amhara-women

Amharic Collection

Amhara are an ethnic group in the central highlands of Ethiopia. Numbering about 19.8 million people, they comprise 26 percent of the country’s population, according to the 2007 national census. They speak Amharic, the working language of the federal authorities of Ethiopia, and traditionally dominated the country’s political and economic life.

Amharic Music Collections

Music in Ethiopia

Ethiopia has known much isolation since its rise from the dust of the Axum kingdom in 500 BC. Already a Christian land when Islam swept through northern Africa, Ethiopia survived a bout with Portuguese colonialism only to descend into civil wars after forcing the conquerors out in the 19th century. The Emperor Haile Selassie came to the throne in 1930, intending to modernize the country. Though his rule survived World War II-era domination by Italy, it ended in failure in 1974, when the repressive, “Marxist” Mengistu regime once again cut Ethiopia off–especially from the west–until 1991. This history of suffering finds expression in achinoy, a melancholy quality treasured in Ethiopian music.

Though the country hosts 75 ethnic groups, the Amharic-speaking people from the central highlands around Addis Ababa have mostly dominated popular music. Since ancient times, Amharic azmari musicians have recited oral histories accompanied by the krar (lyre), masenqo (one-string fiddle), and washint (flute). In the ’20s, the young Selassie brought in Armenian refugees from Jerusalem to form the Bodyguard Orchestra, and well into the ’70s, similar military brass bands accompanied the nation’s early recording artists–the poetic Tilahoun Gessesse, his successful protégé the “Hindi-styled” Neway Debebe, and the ultimate best seller, Mahmoud Ahmed. From the start, these pioneers diversified, singing both traditional and popular repertoires, working with a variety of bands, and playing the grand halls as well as the tedjbets or beer halls of Addis, where dancers shake shoulders, heave chests and snap their heads back in the customary iskista dance. Fashioning a unique, sensuous pop tradition, these singers honor the old tchik-tchik-ka rhythm–a fast, lopsided triplet beat–but arrange their smooth, quivering voices in call-and-response with trumpets and saxophones, and hike the music’s emotional pitch to rock-and-roll levels.

Tilahoun Gessesse unleashes his powerful, snaking voice over a loping, horn-driven groove, ornamented by the plucked rhythms of the krar. The slinky feel suggests a Latin tinge and a taste of soul. Dark pentatonic scales, unfamiliar even in the palette of North African music, convey desire, remorse and forbidding. When Mengistu came to power in 1974, a 10 p.m. curfew drove musicians into studios, where session bands like Roha Band, Wallias Band and later Ethio Stars developed. Producer and talent scout Ali Tango exploited the dawn of cassettes in 1978 to boost typical sales from 3000 LPs in the old days, to as many as 100,000 tapes. Private parties lasted until five a.m., when the curfew ended. Despite these constraining circumstances, some 50 male and female singers maintained recording careers.

Mahmoud Ahmed, who started out as a shoeshine boy in Addis, emerged as a top star, fitting his highly melodic approach both with the old-fashioned Imperial Bodyguard Band, and the up-and-coming Roha Band, which, with over 250 releases to its credit, has now dominated Ethiopia’s pop scene for over a decade. Singing with Yohannes Tekola’s Wallias Band, the soulful Alemayehu Eshete evoked James Brown and Little Richard. Also with the Wallias Nand, Netsanet Mellesse applied her sweet, choirgirl voice to suggestive, electric pop. The era’s third great backing band Ethio Stars formed in ’81, bringing in rock and reggae, but staying loyal to the old pentatonic scales and the tchik-tchik-ka rhythm, essential to the Ethiopian sound.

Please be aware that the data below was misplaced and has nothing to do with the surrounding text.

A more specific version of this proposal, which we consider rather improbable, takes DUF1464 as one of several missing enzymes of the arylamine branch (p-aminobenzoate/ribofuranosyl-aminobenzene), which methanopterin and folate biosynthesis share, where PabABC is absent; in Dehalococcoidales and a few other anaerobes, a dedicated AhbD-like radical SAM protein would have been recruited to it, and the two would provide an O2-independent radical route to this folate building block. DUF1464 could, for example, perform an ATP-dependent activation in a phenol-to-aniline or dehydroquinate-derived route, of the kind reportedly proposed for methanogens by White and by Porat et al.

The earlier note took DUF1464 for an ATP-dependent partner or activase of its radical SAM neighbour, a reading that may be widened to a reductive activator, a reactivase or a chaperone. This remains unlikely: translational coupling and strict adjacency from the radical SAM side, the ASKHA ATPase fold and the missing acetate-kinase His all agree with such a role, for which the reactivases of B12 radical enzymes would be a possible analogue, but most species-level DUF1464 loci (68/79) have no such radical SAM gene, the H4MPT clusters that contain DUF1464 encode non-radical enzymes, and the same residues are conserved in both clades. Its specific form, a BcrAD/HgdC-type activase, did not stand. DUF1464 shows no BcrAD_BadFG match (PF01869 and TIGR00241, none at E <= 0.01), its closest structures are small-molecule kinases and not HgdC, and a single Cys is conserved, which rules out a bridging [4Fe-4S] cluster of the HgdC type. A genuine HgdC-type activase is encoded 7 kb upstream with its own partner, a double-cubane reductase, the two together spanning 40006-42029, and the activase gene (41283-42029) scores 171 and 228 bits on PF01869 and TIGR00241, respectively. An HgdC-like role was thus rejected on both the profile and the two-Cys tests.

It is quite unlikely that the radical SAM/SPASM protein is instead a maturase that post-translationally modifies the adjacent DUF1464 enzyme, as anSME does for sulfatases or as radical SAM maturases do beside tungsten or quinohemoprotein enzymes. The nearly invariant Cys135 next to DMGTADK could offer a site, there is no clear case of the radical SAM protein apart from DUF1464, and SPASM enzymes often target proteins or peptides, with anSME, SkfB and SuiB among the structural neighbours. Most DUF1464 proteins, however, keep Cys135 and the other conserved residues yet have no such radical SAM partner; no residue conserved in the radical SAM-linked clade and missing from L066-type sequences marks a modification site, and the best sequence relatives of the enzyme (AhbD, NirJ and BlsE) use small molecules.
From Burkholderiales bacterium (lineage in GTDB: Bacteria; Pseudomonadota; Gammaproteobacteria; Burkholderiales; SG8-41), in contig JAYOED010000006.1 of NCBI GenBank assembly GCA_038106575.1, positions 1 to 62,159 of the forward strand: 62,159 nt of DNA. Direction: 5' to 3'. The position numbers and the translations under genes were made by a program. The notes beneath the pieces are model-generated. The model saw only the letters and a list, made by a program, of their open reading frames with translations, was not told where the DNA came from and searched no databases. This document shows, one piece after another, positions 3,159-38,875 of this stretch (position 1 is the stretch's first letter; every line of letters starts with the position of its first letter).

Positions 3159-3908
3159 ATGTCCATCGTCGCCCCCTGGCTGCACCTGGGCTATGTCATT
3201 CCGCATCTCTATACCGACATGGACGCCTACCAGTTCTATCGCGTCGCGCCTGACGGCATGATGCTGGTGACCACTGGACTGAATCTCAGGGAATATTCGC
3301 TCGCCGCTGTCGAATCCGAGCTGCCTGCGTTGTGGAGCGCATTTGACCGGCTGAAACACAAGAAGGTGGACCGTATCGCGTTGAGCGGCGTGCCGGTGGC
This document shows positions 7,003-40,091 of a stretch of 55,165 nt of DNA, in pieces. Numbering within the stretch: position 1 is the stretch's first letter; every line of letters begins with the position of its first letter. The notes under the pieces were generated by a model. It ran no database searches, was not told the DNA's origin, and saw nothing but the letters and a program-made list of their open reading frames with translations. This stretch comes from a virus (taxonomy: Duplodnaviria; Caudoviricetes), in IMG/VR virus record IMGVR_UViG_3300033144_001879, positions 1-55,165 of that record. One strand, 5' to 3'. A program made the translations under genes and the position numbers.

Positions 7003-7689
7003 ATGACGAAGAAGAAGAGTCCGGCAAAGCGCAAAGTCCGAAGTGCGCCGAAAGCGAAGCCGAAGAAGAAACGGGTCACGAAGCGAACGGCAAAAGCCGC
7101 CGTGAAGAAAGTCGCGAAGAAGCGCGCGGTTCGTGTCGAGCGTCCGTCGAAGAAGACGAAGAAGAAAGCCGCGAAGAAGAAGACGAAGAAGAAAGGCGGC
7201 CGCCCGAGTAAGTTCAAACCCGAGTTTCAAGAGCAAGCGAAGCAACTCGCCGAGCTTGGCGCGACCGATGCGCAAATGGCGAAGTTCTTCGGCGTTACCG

ETHIOPIA TODAY

Much has changed since the Mengistu regime fell in 1991. Finally able to travel, established stars tour frequently to play for exiled communities long denied direct contact with their favorite singers. Meanwhile in Addis, a new generation, eager to jettison reminders of a depressing past, turn their ears to Kenyan pop, and to American rap and reggae. A star while still in his teens, Hebiste Tiruneh heads up a new stable of pop singers that now also includes Yihuneh Belaye, Chache Tadesse, and Hamelmal Abate, the country’s top female singer at present. The Abyssinia Band, led by Davit Kassa grew popular, even though it radically altered the sound of local music by introducing the seven-note western scale. Though now defunct, Abyssinia’s inventive arrangements pioneered the use of international pop formulas previously off-limits, like Zairean soukous guitar. Keyboard player and arranger Abegassu Kibrework Shiota has worked with stars Aster Aweke and Tilihoun Gessesse. Now working and studying in the US, Abegassu plays in the Admas Band.

Perhaps the biggest change in Ethiopian music is that long-dominant Amharic music now competes with neo-traditional styles from regions like Tigray, Gonder and Oromo. Tigrayan Kiross Alemayehu spent four years in Mengistu’s prisons for his songs about democracy accompanied by hand clapping, krar, and masenqo. Now he and fellow Tigrayan musician Zerihun Wedaho enjoy freedom and celebrity. The fast, rootsy gurague style has produced at least two modern stars, Mohammed Awel and Wabi Abdrehman. As a group like the Tukul Band plays successful pop on electrified traditional instruments–krar, masenqo and washint–the more mainstream Abyssinia Band responds by using “camel-walk” rhythms in their pop constructions. This newly invigorated environment suggests that the best of Ethiopian pop may lie ahead.

Source: http://www.afropop.org/explore/country_info/ID/4/Ethiopia/

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